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Glenda Frank


“Jonah” by Rachel Bonds, directed by Danya Taymor
The Laura Pels Theatre, Roundabout, 111 West 46 St., NYC.
January 11 – March 10, 2024.
Ti ckets 212.719.1300, roundabouttheatre.org,
Tuesday through Saturday evenings at 7:30PM, Wednesday & Saturday matinees at 2:00PM, and Sunday matinees at 3:00PM. $75 – $138.

Gabby Beans (Ana). Photo by Joan Marcus.

“Jonah” by Rachel Bonds is about a woman who may be an author and a dysfunctional family. The realistic opening scenes show us a blooming romance at an exclusive boarding school between Ana, the protagonist, and Jonah, who is still mourning his mother’s death. Hagan Oliveras as Jonah is vulnerable and very endearing. Their discussions are tender and funny, but they also raise troublesome questions about Ana’s behavior, which the play does not immediately address. Later we find out why. Ana has a fondness for inventing stories, and the romance with Jonah may have been a fantasy.

Hagan Oliveras (Jonah). Photo by Joan Marcus.

Each scene bring us a different perspective on Ana as a writer, but during the 100 minutes of the play, it’s not clear which characters are inventions. Or if her creative powers have skewed, edited, or rewritten them entirely. The play is divided into three encounters. In the first encounter with Jonah, Ana seems to be a scholarship student in an expensive school although we later learn that she was homeless in her final year of a neighborhood high school. She finished her courses by camping out in a school office.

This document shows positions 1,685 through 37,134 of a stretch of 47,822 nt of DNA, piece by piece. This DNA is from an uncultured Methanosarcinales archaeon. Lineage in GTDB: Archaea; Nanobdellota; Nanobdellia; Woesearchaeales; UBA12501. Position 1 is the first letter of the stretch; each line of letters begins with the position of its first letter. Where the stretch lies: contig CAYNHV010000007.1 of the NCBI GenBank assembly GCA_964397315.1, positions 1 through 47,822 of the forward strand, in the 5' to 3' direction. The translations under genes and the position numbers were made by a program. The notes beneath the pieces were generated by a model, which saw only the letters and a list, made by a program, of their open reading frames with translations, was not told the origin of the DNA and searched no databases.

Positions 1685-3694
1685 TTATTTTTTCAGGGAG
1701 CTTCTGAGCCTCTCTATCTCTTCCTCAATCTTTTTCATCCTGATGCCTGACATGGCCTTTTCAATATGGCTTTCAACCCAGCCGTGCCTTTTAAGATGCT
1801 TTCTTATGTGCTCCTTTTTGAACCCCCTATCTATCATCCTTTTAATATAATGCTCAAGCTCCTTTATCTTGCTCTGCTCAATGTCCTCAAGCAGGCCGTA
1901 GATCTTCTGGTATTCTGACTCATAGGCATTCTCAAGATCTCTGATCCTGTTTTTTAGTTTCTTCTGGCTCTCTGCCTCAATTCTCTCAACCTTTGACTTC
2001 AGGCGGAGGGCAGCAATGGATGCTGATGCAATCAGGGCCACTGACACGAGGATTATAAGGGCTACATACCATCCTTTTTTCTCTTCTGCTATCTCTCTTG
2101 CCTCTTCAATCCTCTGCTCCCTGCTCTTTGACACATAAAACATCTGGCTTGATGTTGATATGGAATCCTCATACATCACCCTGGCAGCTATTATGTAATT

In the next episode, Jonah is replaced by Danny, Ana’s step-brother -- and lover. She is first at home, her mother dead, her alcoholic stepfather beating up Danny (Samuel Henry Levine), her protector. Then she is a creative writing student in college, visited by a self-effacing Danny. His suicide attempt seems a bit much. Danny reads like a plot device, and Samuel Henry Levine (“The Inheritance”), who plays him, doesn’t have enough backstory to bring him to life.

In the third segment, she has become a successful author at a writers’ retreat. John Zdrojeski (“Good Night, Oscar”) is Steven, a lapsed Morman and an ardent admirer of her work. He is gangly and sincere -- with great line readings. The subtext in John Zdrojeski’s “Okay” creates a laugh line.

What is missing is the Aha! Moment, when we understand what Bonds is dramatizing. Best about the production are the tweaks and guidance by director Danya Taymor (Pass Over). The blocking is so natural it seems unplanned. Pauses punctuate ideas. And who doesn’t root for an articulate, struggling young woman, whatever she is?

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